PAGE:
He also claims to be the most highly taxed individual in the world, and perhaps he is right - 75% of his income goes in taxes, whilst studies have shown that only ten per cent of Brazilian tax money reaches legitimate targets, most of the rest disappearing directly into the pockets of the powerful.
Still, he wouldn´t trade his life in Brazil for one in Britain, and I actually don´t blame him. As he says, within an hours drive, as long as you don´t get shot at whilst passing through a favela, there are beautifully empty tropical beaches and wonderful tropical mountain scenery. Weekends are spent, very literally, in paradise. Within an (artistic) hours drive of Sheffield are Hull, Leicester, Warrington and Bradford.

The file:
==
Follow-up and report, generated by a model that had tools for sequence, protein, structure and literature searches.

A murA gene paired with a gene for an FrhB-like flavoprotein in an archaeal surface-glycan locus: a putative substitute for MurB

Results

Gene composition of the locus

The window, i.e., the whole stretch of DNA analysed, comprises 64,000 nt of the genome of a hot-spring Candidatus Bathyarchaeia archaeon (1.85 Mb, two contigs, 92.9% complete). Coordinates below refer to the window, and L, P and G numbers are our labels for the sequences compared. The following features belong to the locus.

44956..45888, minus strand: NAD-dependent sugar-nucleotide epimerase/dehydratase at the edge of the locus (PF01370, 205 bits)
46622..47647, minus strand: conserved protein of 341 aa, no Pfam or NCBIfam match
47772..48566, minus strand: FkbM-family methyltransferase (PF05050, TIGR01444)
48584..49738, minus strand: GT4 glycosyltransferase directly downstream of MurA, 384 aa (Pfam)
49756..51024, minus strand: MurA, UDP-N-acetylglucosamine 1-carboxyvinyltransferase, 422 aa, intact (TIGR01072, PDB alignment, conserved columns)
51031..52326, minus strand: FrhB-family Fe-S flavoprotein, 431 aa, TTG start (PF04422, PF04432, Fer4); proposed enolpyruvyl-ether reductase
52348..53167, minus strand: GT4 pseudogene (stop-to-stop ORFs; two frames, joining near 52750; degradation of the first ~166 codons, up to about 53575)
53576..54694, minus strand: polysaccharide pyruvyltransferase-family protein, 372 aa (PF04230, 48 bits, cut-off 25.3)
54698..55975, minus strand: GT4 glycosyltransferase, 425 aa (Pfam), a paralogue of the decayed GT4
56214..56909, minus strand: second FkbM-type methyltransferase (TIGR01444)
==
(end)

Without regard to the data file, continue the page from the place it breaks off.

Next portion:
Our first three
days in Rio were a bit of a wash out, with grey skies and intermittent rain, so we avoided spending money on tours and stuck to relatively cheap activities. On our first day we took the bus from Ipanema to the centre and did the Lonely Planet walking tour, which in this case we found to be very good. Surprisingly there is not really much to look at in the centre of such a great city, but our meanderings through the local markets, ever vigilant for pickpockets - we only spotted one pair, who quickly retreated when we started at them - were entertaining nonetheless. The most fascinating of the shops were those that sold the costumes for the Rio Carnival, sequined bikinis and large elaborate headresses, but sadly it was too hot and sticky for Kim to want to try some on.
The other site that made our jaws drop was an old library building (I don't have the guide and don't remember the name - sorry), a still functional colonial relic whose interior, with floor upon floor of ancient books surrounding an open central atrium packed with original wooden reading desks, resembled something from Ghormenghast (or Hogwarts